We were really pleased with the high gloss finish, and with the topcoat done it was time to remove the tape/paper and let the paint set up before moving on to the non-skid. Depending on the temperatures, it's recommended that you wait 24-72 hours before taping Perfection. Even though we added accelerator the Perfection (to help protect the gloss from the heavy dew), we wanted to give the paint ample time to harden before taping, so we were once again waiting for the right weather window.

We used KiwiGrip when we painted the non-skid on Phoenix, and we continue to be happy with it's performance. We decided to use it on Meandrous too, but this time we opted for gray KiwiGrip to contrast the Mediterranean White gloss finish. We followed the same application process of troweling on the paint, then using the loopy-goopy rollers to go over Meandrous' molded non-skid pattern. The gray was lighter than we initially expected but still gave a subtle contrast, depending on how the light hits it, and was still light enough that the deck shouldn't get too hot in the summer.

We hated to paint over the molded non-skid since it was so tenacious and we didn't want to fill the grooves with paint, but from a purely aesthetic perspective it needed a face-lift. To our pleasant surprise, the KiwiGrip settled and shrank into the existing non-skid pattern and really cleaned up the look while maintaining the tenacity of the original non-skid. Since the weather was relatively cool and we had to work in sections, moving around the boat took several days. We painted some "squares" in one area of the boat while allowing other areas to cure and harden enough to walk on them, until we finally made our way around to all of the "squares."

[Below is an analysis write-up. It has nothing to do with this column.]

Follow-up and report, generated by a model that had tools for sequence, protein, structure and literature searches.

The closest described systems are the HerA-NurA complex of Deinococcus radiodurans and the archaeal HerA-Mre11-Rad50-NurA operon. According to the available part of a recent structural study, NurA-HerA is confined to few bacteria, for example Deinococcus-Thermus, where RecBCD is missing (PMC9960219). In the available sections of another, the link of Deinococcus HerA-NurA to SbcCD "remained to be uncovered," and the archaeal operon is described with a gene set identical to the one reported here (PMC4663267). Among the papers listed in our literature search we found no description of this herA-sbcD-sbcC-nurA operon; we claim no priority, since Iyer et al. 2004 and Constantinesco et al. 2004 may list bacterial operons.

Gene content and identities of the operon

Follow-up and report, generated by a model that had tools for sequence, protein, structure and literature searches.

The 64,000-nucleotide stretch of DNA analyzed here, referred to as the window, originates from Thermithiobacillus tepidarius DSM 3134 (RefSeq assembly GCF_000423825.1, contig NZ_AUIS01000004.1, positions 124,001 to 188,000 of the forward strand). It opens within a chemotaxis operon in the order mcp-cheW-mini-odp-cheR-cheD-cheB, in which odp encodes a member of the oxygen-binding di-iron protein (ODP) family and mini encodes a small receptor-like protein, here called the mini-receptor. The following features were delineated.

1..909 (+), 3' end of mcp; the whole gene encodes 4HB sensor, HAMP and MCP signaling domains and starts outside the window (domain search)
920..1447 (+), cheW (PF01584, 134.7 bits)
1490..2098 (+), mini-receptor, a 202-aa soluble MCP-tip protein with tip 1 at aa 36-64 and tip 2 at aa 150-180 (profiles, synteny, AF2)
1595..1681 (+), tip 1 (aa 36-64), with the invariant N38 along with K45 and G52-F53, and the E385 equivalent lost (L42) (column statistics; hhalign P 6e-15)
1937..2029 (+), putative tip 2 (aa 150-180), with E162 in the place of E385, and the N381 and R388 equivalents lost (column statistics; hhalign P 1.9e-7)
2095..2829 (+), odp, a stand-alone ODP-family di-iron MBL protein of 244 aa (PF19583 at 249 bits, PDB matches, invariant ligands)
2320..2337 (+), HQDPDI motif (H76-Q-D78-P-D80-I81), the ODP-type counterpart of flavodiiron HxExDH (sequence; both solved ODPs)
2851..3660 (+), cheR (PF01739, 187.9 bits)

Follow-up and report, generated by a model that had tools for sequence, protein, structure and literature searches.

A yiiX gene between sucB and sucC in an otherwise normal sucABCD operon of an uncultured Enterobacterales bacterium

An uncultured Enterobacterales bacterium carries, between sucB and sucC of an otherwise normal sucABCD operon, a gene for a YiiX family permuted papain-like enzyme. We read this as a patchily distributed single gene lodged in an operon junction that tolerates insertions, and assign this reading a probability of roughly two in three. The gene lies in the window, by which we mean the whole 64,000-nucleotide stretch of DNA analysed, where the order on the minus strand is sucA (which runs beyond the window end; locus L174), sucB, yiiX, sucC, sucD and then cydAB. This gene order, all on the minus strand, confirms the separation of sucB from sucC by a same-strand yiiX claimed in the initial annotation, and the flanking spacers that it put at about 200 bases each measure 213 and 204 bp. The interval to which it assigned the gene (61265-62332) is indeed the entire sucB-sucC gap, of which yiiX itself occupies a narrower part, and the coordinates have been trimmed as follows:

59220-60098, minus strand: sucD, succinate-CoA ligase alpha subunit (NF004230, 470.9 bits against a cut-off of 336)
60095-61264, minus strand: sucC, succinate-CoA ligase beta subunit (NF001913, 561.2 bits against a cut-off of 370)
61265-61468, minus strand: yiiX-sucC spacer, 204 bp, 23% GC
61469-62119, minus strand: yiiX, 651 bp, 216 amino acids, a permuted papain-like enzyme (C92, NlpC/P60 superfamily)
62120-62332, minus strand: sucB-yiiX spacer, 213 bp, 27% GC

Forward section of cabin top taped and ready for KiwiGrip

Forward section "after" KiwiGrip

Working our way around the cabin top
With the non-skid finished, we were finally ready to prep and paint the ports, then apply the finish bead of caulk around all of the ports and hatches and really button up the boat.

It took three months to finish the job in its entirety, though we're really happy with how Meandrous looks now. Hopefully when we put her on the market in the Spring and she meets her new potential owners, they will love and appreciate her as much as we have over the years.

KiwiGrip done, ports painted and caulked
s/v Meandrous